My two favorite William Faulkner novels are, without a doubt, Absalom, Absalom! and The Sound and The Fury. After readers get thrust into the narrators’ dizzying streams of consciousness, both books mount in tension to a frightful, almost unbearable pitch, before reaching their grim, cathartic climaxes. I’ve always felt that the white-hot intensity of the novels meant that, somehow, they had meant more to Faulkner than his other writings. According to an audio recording of Faulkner himself, it turns out that I was half right.
In 1957 and 1958, Faulkner served as the Writer-in-Residence at the University of Virginia at Charlottesville, and today the school retains what is likely to be the largest Faulkner archive in the world. In addition to Faulkner’s private library, original manuscripts, letters, and personal effects, the archive also contains hours upon hours of Faulkner’s Q & A sessions, speeches, and readings. In April of 1957, during a class lecture, a student asked Faulkner about his favorite novel. Listen to the audio clip here:
Unidentified participant: Mr. Faulkner, what do you consider your best book?
William Faulkner: The one that—that failed the most tragically and the most splendidly. That was The Sound and the Fury—the one I worked at the longest, the hardest, that was to me the—the most passionate and moving idea, and made the most splendid failure. That’s the one that’s my—I consider the best, not—well, best is the wrong word—that’s the one that I love the most.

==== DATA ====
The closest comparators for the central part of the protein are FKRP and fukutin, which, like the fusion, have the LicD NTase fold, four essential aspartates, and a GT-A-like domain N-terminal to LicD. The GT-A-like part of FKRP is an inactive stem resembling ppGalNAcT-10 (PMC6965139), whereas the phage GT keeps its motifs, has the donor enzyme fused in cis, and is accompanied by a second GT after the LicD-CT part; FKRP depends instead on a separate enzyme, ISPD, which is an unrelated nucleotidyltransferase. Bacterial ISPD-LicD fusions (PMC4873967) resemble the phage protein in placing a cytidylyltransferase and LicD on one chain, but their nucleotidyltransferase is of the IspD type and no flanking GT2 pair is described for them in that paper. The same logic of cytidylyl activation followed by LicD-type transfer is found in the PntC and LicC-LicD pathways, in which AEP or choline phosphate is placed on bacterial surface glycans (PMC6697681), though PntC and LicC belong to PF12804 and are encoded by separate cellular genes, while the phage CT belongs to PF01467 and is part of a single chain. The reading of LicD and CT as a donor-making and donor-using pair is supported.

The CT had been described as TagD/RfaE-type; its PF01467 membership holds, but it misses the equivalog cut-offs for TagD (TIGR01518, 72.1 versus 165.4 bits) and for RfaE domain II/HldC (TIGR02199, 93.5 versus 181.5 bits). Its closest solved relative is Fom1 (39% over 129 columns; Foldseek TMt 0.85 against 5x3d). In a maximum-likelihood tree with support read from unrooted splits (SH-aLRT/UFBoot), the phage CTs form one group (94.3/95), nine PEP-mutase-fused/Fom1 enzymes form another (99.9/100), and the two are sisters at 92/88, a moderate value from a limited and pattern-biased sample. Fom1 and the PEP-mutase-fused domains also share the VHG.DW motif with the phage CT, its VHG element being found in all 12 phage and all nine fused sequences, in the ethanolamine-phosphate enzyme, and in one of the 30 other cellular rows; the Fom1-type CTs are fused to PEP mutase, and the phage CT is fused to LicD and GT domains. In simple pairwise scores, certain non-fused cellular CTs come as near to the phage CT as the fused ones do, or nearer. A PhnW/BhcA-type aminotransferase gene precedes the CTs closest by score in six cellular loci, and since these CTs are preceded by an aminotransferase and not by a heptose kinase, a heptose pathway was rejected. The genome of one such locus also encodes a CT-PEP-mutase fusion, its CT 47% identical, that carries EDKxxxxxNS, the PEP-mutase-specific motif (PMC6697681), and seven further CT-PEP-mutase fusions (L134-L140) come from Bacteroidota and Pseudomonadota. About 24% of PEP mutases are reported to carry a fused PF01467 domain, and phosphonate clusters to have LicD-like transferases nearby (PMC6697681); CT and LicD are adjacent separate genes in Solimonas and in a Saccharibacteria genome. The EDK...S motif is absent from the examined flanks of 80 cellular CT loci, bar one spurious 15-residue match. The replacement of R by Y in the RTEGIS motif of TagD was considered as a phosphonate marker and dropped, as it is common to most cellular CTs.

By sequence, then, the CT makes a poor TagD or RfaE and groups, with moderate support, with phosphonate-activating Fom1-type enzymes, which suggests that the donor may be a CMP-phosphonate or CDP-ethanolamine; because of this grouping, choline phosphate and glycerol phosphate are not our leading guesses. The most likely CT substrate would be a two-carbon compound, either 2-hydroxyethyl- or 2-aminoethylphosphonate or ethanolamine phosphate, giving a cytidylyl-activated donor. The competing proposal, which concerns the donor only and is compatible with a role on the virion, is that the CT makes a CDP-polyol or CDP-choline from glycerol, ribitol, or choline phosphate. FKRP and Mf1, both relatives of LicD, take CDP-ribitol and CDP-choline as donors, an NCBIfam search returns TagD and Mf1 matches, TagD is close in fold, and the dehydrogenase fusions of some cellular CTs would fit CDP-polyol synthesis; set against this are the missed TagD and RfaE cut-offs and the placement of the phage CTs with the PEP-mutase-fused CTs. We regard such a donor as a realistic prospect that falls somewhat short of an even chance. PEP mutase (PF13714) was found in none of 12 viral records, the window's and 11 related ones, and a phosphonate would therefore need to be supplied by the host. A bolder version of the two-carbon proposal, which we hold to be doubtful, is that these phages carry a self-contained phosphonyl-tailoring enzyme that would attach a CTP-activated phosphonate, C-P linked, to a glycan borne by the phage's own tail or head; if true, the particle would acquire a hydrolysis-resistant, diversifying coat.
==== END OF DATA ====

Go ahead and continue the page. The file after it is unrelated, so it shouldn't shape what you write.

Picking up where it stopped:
The recordings themselves are a fascinating resource, with Faulkner commenting widely on his novels and stories. Where else could one hear, for example, what the author considered the best book to start with when reading him? Listen here.
Unidentified participant: Do you think that there’s a particular order in which your works should be read […]? Many people have offered a sequence. Do you think there’s a particular sequence that your books should be read in?
William Faulkner: Probably to begin with a book called Sartoris. That has the germ of my apocrypha in it. A lot of the characters are postulated in that book. I’d say that’s a good one to begin with.
For those interested in learning more about Faulkner and his writing, the Southeast Missouri State University’s Center for Faulkner Studies is offering a promising MOOC called Faulkner 101, led by the Center’s founder, Dr. Robert Hamblin, as well as its current director, Dr. Chris Rieger. You can sign up now. Or find countless other MOOCs in our big, ever-expanding list of MOOCs.